It was on April 2, Bud Light’s first day of total social media silence, that Mulvaney posted a video of himself pitching Bud Light. Mulvaney added this caption: “Happy March Madness!! Just found out this had to do with sports and not just saying it’s a crazy month! In celebration of this sports thing @budlight is giving you the chance to win $15,000! Share a video with #EasyCarryContest for a chance to win!! Good luck! #budlightpartner”
One would think that since Bud Light often uses its social media accounts to tout such offers, and had just been pushing a few contests and deals in the preceding days, it would have jumped on this and pushed Mulvaney’s Easy Carry Contest on Twitter. Instead, not a word. Could it be, could it even be remotely conceivable, that Bud Light is horrified by the backlash it has received, and is actually embarrassed to be touting this ersatz woman and attention hound?
Embarrassed? Naah, not bloody likely. They’re just afraid of the effect the brouhaha might potentially have on their profits, that’s all. Thus:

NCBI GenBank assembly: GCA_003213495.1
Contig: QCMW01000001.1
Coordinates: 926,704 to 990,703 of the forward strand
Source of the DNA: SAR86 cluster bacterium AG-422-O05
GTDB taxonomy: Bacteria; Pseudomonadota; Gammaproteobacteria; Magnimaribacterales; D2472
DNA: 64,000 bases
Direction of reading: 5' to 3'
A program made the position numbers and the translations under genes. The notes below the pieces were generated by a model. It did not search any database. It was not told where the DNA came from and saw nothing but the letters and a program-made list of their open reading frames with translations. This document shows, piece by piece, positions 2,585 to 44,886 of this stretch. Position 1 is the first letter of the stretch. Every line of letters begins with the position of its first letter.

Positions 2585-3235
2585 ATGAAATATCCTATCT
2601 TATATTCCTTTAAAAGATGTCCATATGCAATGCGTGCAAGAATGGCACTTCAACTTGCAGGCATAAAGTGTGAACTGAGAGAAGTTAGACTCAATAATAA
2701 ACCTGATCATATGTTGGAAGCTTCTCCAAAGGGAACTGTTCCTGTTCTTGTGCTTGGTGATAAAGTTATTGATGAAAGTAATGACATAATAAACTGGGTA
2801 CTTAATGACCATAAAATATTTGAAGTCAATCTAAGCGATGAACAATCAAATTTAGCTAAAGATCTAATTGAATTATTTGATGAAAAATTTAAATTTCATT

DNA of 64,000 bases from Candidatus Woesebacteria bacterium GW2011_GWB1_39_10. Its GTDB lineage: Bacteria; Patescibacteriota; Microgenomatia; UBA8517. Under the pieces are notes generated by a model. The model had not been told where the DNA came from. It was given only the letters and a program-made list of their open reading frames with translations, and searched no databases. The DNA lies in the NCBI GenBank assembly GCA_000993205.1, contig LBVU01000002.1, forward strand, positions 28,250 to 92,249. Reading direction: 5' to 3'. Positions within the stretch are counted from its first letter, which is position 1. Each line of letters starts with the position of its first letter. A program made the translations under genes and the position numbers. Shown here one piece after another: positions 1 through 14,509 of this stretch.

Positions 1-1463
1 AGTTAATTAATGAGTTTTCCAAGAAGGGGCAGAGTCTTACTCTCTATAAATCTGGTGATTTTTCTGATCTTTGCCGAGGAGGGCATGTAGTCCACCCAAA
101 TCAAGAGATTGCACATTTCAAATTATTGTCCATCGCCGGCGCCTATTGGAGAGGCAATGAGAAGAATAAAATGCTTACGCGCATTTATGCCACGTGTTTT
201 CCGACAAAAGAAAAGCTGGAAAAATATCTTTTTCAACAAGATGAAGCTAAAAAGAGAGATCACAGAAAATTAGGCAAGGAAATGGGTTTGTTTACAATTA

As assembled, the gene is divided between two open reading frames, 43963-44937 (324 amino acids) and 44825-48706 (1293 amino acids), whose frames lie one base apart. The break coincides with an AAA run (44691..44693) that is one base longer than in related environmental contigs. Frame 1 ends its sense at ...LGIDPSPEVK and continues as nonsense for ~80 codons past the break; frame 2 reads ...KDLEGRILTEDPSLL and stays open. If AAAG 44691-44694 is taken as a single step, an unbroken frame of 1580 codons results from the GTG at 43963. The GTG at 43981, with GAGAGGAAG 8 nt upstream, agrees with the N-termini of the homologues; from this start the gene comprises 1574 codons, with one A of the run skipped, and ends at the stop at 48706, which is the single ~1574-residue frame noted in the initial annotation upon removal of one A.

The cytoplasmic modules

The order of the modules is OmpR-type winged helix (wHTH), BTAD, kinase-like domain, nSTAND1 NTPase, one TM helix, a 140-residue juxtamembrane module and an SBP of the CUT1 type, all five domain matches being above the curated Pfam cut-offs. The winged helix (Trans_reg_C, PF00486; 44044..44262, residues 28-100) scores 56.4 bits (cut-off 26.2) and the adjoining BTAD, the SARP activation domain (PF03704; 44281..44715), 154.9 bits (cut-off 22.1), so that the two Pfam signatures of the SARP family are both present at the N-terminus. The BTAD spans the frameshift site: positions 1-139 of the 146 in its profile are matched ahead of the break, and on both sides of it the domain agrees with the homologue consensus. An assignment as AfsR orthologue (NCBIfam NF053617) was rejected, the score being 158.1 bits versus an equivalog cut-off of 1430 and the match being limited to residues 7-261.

The backlash has indeed been severe. Country singer Travis Tritt banned all Anheuser Busch products from his tour bus and asserted that “many other artists” were likewise dropping their Buds, but not saying so publicly for fear of being “ridiculed and canceled.” One of those who was unafraid was Kid Rock, who published a video of himself shooting at cases of Bud Light (viewable here, in case you missed it—M). One disgusted Bud Light salesman said: “I’ve never seen such little sales than this past few days.” The Daily Mail noted that “several former customers filmed themselves pouring the beer away – down the sink and toilet – while others emptied their fridge of the product into bins.”